Carilion Clinic: November 2007

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Tuesday, November 27, 2007

Congratulations to Nancy Agee, Chairman-Elect of the Virginia Hospital and Healthcare Association

Nancy Howell Agee, Executive Vice President and Chief Operating Officer of Carilion Clinic, was named Chairman-Elect of the Virginia Hospital and Healthcare Association (VHHA) at the Association’s 81st Annual Meeting of the Membership.

VHHA formed in 1926 as a trade association of Virginia hospitals with the mission of helping members improve the health status of the communities they serve. VHHA’s activities focus on four areas: representation and advocacy, education, communication and health care data.

Wednesday, November 21, 2007

Nobody wants to be in the hospital for Thanksgiving - but if you have to, Carilion dietitians and Food Service Partner chefs provide a taste of home

When you sit down to a home-cooked meal of turkey, dressing, mashed potatoes, green beans and cranberry sauce, so will hundreds of patients, their families and staff at Carilion Clinic hospitals around the region. Thanks to chefs, dietitians and others working together, it will look and taste a little bit like home. (yes the plate you see above is an actual meal prepared by the folks at Food Service Partners, who operate Carilion Clinic's central kitchen in Roanoke. (FSP operates kitchens in San Francisco, New York and Roanoke)

Because many hospital patients are on restricted diets, the chefs and dietitians have developed recipes that can be safely eaten by just about anyone - without sacrificing taste. For Thanksgiving, it means buying additive & preservative - free turkeys, using low-fat cooking ingredients, sugar substitutes and a special variety of spices that give the food flavor without adding salt (how does it taste? keep reading!) And then ship it out by the truckload! (Food is prepared one day in advance, and shipped out at 5 a.m. each morning, to make sure it arrives fresh)

Roanoke Times reporter Christina Rogers and photographer Justin Cook recently visited our central kitchen for their Thanksgiving article "Cooking for the Masses". We thought you might like to see part of the tour. Many thanks to Executive Chef Jay Brinkley for coordinating a fascinating tour!

How do you roast 800 pounds of turkey? You use a "turkey tank"!

The tank uses hot water - the boneless turkeys are sealed in plastic bags so the water never touches them - they are roasted by the heat. When they're done, the tank circulates super-cooled water around the turkeys taking them from above 140 degrees to below 40 degrees in minutes (this keeps the meat fresh). The turkey is re-heated in a special oven at the hospital.

Here you seen green beans being strained, 50 pounds at a time. You might notice that our kitchen is a lot like yours - pots and pans and utensils - just bigger (ok, you probably don't have a winch and chain)

Rice Pilaf is also on the Thanksgiving menu. Here it is prepared in very large stainless steel bowls and sealed in plastic bags for delivery to the hospital kitchens where it will be re-heated and served. (nothing is frozen, the food is chilled to below 40 degrees, but not frozen to protect quality and flavor - major restaurant chains often use the same technique).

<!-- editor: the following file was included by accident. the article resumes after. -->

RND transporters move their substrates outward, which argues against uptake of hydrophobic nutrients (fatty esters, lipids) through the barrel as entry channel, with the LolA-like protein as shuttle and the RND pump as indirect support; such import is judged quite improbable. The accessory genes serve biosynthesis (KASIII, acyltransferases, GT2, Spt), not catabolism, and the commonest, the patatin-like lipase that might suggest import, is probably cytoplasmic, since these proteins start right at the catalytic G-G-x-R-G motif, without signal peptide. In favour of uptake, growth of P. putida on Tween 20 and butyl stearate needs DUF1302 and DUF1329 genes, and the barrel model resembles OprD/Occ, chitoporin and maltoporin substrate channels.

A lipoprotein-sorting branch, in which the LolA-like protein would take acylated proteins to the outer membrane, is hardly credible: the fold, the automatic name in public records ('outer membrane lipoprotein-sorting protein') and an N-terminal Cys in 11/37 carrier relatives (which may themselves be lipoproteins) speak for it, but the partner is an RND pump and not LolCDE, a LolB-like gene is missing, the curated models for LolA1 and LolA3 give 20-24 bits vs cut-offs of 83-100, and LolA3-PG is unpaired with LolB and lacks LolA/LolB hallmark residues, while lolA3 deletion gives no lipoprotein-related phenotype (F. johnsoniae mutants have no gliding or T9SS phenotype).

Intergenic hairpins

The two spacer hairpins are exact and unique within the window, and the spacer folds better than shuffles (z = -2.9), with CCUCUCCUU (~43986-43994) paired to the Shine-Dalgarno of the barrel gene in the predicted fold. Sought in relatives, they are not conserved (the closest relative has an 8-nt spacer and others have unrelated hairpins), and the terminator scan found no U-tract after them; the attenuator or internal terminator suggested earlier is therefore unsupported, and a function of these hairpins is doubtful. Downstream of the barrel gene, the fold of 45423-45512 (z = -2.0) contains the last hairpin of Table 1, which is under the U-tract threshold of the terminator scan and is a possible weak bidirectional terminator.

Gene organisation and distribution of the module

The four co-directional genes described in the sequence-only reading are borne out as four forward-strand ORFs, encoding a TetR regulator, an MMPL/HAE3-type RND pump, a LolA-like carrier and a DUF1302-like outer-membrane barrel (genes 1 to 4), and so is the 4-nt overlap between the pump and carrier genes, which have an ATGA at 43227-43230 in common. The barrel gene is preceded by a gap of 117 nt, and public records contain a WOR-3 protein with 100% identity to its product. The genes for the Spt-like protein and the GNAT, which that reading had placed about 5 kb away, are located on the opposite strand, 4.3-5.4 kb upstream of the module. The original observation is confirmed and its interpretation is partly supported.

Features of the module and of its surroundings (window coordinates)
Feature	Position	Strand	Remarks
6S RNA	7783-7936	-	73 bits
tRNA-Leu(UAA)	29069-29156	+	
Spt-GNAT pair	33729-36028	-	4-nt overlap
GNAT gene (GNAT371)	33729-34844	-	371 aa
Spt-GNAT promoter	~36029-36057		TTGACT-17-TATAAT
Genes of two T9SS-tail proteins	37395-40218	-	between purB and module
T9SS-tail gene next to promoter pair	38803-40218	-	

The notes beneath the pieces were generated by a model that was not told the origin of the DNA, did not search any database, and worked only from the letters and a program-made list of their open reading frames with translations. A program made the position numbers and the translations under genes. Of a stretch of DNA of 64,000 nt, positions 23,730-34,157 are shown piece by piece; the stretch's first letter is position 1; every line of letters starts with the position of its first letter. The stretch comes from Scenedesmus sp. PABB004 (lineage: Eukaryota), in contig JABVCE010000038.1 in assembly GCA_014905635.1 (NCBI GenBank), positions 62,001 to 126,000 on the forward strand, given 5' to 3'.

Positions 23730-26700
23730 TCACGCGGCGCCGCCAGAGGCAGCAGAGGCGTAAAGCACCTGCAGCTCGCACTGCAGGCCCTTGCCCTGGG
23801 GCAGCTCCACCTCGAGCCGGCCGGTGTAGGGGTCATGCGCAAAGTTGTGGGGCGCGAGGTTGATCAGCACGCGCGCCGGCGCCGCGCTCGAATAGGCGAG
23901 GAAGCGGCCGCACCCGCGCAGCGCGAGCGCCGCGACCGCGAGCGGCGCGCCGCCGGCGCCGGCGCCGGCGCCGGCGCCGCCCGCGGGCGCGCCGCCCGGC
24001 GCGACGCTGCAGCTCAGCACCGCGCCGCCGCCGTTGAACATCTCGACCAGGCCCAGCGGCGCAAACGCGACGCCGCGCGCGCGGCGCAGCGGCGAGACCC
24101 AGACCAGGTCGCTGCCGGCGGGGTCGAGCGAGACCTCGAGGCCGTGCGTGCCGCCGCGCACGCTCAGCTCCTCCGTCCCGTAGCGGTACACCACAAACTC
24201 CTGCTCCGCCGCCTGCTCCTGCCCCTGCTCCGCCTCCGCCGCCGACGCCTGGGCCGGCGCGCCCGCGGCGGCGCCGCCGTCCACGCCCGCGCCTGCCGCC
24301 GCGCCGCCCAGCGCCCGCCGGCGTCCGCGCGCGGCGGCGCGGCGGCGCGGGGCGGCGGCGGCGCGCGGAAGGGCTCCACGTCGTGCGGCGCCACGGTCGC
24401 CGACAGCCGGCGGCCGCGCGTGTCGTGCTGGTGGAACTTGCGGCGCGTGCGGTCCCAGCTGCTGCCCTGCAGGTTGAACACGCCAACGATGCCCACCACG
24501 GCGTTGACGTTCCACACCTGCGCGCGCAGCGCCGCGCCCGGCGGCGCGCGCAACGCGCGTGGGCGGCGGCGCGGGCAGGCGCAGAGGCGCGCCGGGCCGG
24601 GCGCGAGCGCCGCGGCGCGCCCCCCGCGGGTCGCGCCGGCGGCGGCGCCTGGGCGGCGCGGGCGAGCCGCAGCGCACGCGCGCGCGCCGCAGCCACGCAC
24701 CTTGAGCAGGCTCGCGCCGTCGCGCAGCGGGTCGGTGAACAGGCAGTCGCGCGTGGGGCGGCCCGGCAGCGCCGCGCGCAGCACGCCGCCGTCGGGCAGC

I love the gravy machine! Once the gravy (or soup, etc) is done, the machine extracts it from the pot and stores it in sealed bags for easy delivery

The finished product looks something like this - Its a bit like having an executive chef come to your house, plan your menu, preparing your meal, serve it, and clean your kitchen. But how does it taste?

For an unbiased opinion, we invited Christina and Justin to sample the Thanksgiving menu for themselves - see the results on the video below.

One interesting note - in addition to preparing food for all the Carilion Clinic hospitals each day, the kitchen also prepares daily meals for the patients and staff at the 800 bed INOVA Fairfax hospital. Northern Virginia knows where to come for good food!

Media Note - Thanksgiving Holiday/weekend

When I get home from work today, I strongly suspect my blackberry will be confiscated. If you need assistance with media-related issues between now and Monday, call the media pager number. If you don't have it, call the main Carilion Clinic switchboard at 540-981-7000 and ask them to page media-relations person on call.
Hospitals and news outlets don't close for the holidays, but I hope all of you get to spend at least some time at home with your families and/or loved ones. That said, if something hits the fan and you need information, page me.
Happy Thanksgiving!

Thursday, November 15, 2007

Carilion Clinic Breaks Ground for Outpatient Facility

Members of Carilion Clinic's leadership team and Roanoke City Manager Darlene Burcham ceremonially broke ground for the Clinic's new, 200,000 square foot outpatient facility in Roanoke. The building will serve a a cornerstone of sorts for the Riverside development, which will include an existing office building, the outpatient facility, a 1500 space parking garage and the college of medicine/research institute being jointly developed by Carilion Clinic and Virginia Tech.

It was a bit of a blustery morning, so the event began in the adjacent building, but the skies cleared and the wind died down just in time to break out the golden shovels and break ground on the site itself.

Following the groundbreaking, participates and guests warmed up with a cup of coffee in the nearby Riverside Center building, where they were able to catch a panoramic view of the construction site, and see renderings of the finished project.

Wednesday, November 14, 2007

Media Alert - Carilion Clinic Groundbreaking - Thursday Morning - November 15th - 9:00 a.m.

Members of the media are invited to attend a groundbreaking ceremony at the site of the future Carilion Clinic outpatient facility on the corner of Jefferson and Reserve. Members of the Clinic leadership team will wield the ceremonial shovels. In addition, information will be released concerning Carilion Clinic's economic impact on the region, including jobs created and tax revenue generated (the numbers may surprise you).

Use the parking lot entrance by the existing Riverside Building, off Jefferson, right across from Roanoke City Mills.
Members of the Clinic leadership team will be available for media interviews following the ceremony.

Monday, November 12, 2007


Cynda Ann Johnson, MD, MBA will join the college of medicine, jointly operated by Virginia Tech and Carilion Clinic - in January, 2008

Carilion Clinic and Virginia Tech are very pleased to announce that Cynda Ann Johnson, MD, MBA, has accepted the position of Founding Dean of the Clinic and University’s joint College of Medicine. Dr. Johnson comes to Roanoke from East Carolina University, where she was Dean and Professor of Family Medicine at the Brody School of Medicine. She most recently served as ECU’s Senior Associate Vice Chancellor for Clinical and Translational Research.